Bonus factor, some light shades of brown in the tile nicely pull in the color of the hardwoods that flow throughout the rest of the second floor. It’s a little bit over-exposed in that first picture, just like my very pasty December skin, but darker and richer like this in real life:

Bathroom vinyl tile.
In the next few weeks, I’ll have to be focused on repairing the currently bowed floor and installing a new subfloor, but I’m really excited to see how groutable tile performs.

4. The vanity:

If you followed my blog as far back as last April, you’ll actually remember that I bought a sink and vanity at IKEA on a whim. Priced to move, the frame and porcelain sink top were so affordable, that I also splurged on a three-drawer cabinet to sit beside it. The display model looked like this (although it was doubled up with a second sink here):

I like me some Ikea bathroom vanities.

It still lives in boxes unassembled in my attic, but I’m looking forward to bringing it down one of these days and piecing it together. To accessorize it, I also bought a faucet at the same time.

Ikea faucet!

The total cost of the vanity, the sink, and the drawer unit was $366. Of course, it’ll all be among the last pieces to be installed, but I’m looking forward to the day.

Of course, there are lots of other costs I’ll be incurring too.

I’m leaving quite the cushion in my budget to account for necessities including (but not limited to, and in no particular order):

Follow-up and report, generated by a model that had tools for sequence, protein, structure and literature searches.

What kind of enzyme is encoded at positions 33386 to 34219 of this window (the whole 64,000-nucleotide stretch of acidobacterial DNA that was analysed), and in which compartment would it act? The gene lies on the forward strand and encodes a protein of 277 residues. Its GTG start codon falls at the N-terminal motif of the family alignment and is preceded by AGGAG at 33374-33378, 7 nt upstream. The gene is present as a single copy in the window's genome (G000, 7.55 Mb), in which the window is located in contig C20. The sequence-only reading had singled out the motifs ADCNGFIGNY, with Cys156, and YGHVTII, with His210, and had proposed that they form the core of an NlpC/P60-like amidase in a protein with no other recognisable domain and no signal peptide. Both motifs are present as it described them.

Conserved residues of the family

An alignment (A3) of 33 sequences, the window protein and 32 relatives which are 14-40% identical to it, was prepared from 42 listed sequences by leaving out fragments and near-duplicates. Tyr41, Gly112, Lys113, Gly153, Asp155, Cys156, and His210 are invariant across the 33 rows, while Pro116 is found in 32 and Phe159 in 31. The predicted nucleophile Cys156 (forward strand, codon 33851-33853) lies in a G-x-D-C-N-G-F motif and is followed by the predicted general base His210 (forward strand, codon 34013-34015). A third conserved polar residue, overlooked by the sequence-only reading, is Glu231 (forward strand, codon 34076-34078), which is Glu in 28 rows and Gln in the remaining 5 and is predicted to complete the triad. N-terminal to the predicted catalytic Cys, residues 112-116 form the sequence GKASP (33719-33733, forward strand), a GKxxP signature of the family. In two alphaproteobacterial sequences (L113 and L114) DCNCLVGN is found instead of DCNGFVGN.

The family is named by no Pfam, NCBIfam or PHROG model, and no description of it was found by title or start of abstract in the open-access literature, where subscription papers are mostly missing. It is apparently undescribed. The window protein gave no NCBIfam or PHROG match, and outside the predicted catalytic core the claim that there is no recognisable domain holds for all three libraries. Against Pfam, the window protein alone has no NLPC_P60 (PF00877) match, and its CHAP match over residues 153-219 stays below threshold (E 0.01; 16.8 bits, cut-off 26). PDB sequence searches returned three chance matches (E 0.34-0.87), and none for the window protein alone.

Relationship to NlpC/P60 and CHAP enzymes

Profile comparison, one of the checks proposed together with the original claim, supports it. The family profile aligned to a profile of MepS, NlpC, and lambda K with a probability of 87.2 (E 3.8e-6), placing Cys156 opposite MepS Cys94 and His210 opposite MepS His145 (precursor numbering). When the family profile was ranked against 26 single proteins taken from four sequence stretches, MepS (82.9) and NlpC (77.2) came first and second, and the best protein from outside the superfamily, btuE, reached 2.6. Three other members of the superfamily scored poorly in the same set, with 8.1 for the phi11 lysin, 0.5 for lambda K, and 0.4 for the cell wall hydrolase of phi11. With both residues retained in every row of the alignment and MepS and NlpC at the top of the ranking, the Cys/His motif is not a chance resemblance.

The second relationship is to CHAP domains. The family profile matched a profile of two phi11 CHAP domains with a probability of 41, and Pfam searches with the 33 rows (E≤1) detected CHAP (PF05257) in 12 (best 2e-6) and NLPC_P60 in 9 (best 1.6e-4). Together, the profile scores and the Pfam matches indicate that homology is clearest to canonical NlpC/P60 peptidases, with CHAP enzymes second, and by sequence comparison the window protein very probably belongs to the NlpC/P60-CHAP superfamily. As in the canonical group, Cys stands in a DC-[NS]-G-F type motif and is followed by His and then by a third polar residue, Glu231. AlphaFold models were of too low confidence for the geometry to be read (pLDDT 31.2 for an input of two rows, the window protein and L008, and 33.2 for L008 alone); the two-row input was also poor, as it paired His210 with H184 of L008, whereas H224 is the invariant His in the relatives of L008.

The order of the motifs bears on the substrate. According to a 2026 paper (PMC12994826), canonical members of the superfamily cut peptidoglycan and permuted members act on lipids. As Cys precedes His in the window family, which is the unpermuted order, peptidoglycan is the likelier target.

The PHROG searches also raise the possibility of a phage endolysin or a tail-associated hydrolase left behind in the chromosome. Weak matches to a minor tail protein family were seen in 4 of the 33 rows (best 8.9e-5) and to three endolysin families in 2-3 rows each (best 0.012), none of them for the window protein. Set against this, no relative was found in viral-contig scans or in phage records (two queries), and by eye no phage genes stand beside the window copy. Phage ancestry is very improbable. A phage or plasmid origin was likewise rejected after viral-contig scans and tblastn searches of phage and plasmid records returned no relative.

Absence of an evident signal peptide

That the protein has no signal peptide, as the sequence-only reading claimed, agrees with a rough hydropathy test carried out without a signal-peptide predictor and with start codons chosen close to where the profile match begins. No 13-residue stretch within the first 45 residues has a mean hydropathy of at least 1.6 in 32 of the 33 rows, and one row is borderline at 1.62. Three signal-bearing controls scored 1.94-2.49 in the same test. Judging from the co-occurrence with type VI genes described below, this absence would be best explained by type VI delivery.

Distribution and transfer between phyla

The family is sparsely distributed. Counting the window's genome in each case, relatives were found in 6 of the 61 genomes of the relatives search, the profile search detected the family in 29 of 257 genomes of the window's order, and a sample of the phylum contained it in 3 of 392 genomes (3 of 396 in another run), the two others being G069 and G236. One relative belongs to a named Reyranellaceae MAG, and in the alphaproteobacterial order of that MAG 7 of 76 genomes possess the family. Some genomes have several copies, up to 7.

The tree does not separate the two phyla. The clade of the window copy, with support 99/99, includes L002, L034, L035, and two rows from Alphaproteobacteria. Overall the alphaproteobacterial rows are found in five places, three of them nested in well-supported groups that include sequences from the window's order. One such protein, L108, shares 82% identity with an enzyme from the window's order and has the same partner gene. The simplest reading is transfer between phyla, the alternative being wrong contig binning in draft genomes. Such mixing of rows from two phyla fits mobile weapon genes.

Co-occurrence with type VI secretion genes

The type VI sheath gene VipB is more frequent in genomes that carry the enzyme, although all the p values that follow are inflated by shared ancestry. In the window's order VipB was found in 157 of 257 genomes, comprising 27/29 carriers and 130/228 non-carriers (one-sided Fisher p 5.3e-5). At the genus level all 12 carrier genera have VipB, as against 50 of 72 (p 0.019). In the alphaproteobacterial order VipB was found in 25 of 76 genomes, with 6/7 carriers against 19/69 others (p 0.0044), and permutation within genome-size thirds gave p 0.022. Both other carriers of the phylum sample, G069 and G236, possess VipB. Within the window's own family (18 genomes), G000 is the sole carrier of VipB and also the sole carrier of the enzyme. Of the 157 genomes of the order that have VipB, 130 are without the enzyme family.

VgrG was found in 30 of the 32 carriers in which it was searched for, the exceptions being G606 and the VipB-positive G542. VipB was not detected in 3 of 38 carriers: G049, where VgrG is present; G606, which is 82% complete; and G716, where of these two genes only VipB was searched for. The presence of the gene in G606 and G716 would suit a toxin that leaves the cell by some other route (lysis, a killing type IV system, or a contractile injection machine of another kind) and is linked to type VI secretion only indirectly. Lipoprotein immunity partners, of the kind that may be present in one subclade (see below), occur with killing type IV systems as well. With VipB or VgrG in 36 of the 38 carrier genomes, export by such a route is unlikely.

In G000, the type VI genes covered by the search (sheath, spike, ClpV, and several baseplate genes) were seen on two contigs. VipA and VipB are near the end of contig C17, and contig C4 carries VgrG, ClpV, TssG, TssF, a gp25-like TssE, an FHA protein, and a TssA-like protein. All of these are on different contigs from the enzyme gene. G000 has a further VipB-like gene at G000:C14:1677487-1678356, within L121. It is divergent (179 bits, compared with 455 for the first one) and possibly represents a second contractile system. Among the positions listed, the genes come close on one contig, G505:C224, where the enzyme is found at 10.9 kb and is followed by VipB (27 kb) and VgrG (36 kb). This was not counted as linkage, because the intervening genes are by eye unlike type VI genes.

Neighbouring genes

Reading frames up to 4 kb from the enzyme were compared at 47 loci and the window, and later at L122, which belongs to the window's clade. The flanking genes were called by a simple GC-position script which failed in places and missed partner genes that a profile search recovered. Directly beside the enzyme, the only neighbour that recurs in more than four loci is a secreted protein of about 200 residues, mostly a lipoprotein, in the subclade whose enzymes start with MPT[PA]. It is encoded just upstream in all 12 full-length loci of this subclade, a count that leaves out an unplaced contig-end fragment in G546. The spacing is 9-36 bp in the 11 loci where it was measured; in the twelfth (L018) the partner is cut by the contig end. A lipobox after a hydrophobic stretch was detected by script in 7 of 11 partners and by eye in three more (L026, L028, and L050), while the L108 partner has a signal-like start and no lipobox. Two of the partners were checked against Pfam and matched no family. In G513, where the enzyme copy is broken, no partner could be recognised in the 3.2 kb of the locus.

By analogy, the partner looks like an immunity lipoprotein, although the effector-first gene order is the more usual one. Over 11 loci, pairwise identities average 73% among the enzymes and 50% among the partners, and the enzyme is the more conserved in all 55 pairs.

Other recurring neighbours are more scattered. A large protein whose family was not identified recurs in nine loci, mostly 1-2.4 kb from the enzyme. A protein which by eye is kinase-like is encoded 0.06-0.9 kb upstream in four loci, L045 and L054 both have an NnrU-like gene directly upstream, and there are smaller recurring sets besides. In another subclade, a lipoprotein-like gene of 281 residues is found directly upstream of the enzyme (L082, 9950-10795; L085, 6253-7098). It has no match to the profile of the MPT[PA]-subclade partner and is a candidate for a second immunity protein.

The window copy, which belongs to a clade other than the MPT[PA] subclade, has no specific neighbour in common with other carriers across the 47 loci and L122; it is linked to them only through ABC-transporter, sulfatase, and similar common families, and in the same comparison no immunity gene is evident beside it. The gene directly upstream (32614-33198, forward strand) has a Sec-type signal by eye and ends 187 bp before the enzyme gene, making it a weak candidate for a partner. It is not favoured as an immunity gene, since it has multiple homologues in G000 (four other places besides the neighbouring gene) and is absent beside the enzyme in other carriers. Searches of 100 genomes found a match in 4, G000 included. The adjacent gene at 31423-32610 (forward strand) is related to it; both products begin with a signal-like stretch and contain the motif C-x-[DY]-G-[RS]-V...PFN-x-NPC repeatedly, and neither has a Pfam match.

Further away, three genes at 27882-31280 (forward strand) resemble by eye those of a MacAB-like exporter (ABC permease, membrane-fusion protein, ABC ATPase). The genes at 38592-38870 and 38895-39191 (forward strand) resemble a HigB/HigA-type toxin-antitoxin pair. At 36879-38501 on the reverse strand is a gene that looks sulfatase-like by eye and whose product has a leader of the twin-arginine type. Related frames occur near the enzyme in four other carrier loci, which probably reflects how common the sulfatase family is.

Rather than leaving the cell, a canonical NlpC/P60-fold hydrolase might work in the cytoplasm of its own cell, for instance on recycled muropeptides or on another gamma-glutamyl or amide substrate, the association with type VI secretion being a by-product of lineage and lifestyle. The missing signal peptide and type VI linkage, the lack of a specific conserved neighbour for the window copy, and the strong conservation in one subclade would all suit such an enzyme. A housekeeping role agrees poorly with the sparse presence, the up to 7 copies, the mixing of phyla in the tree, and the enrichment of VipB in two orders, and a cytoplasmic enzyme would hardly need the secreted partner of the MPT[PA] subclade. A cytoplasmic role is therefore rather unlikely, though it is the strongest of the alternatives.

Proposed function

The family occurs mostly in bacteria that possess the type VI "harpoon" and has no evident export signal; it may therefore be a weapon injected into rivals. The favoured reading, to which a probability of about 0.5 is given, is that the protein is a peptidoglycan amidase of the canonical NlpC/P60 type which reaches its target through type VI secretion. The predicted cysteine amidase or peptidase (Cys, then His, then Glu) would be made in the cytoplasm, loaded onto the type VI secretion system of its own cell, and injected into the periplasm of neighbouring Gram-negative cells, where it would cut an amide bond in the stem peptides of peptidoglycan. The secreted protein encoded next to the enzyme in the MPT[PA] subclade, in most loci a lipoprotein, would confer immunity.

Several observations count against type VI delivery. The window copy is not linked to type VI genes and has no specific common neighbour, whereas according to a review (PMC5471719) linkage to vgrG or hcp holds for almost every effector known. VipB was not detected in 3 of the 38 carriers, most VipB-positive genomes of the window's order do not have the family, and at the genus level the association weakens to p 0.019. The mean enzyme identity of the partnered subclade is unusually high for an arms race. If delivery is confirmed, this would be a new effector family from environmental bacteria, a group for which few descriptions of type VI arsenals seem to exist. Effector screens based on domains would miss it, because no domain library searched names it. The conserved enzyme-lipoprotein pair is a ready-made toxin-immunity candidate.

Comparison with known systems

• Hardiboard for the shower surround
  • Screws
  • Mortar
  • Grout
  • Primer for the floor tile application
  • Tub faucet, spout, and drain
  • Baseboard and window trim
  • Wall insulation (dealing with a few exterior-facing and attic-facing walls) and vapor barrier

Be sure to check back, because I’ll be sharing updates on my progress regularly.

Catching the home improvement bug at an early age, Emily Winters is a now a devoted DIYer living in Rochester, NY. The projects she covers on her blog Merrypad range from painting a wall to building a deck, so it’s only natural she landed at DIYNetwork.com. You can follow Emily on twitter at @merrypad and like her on facebook at facebook.com/merrypad.

35 Responses

  1. [...] An overview of the materials I’ve been purchasing! Because what DIY-crazed girl wouldn’t love tile shopping? [...]

  2. [...] An overview of the materials I’ve been purchasing! Because what DIY-crazed girl wouldn’t love tile shopping? [...]

  3. [...] An overview of the materials I’ve been purchasing! Because what DIY-crazed girl wouldn’t love tile shopping? [...]

  4. [...] An overview of the materials I’ve been purchasing! Because what DIY-crazed girl wouldn’t love tile shopping? [...]

  5. [...] An overview of the materials I’ve been purchasing! Because what DIY-crazed girl wouldn’t love tile shopping? [...]

  6. [...] An overview of the materials I’ve been purchasing! Because what DIY-crazed girl wouldn’t love tile shopping? [...]

  7. [...] An overview of the materials I’ve been purchasing! Because what DIY-crazed girl wouldn’t love tile shopping? [...]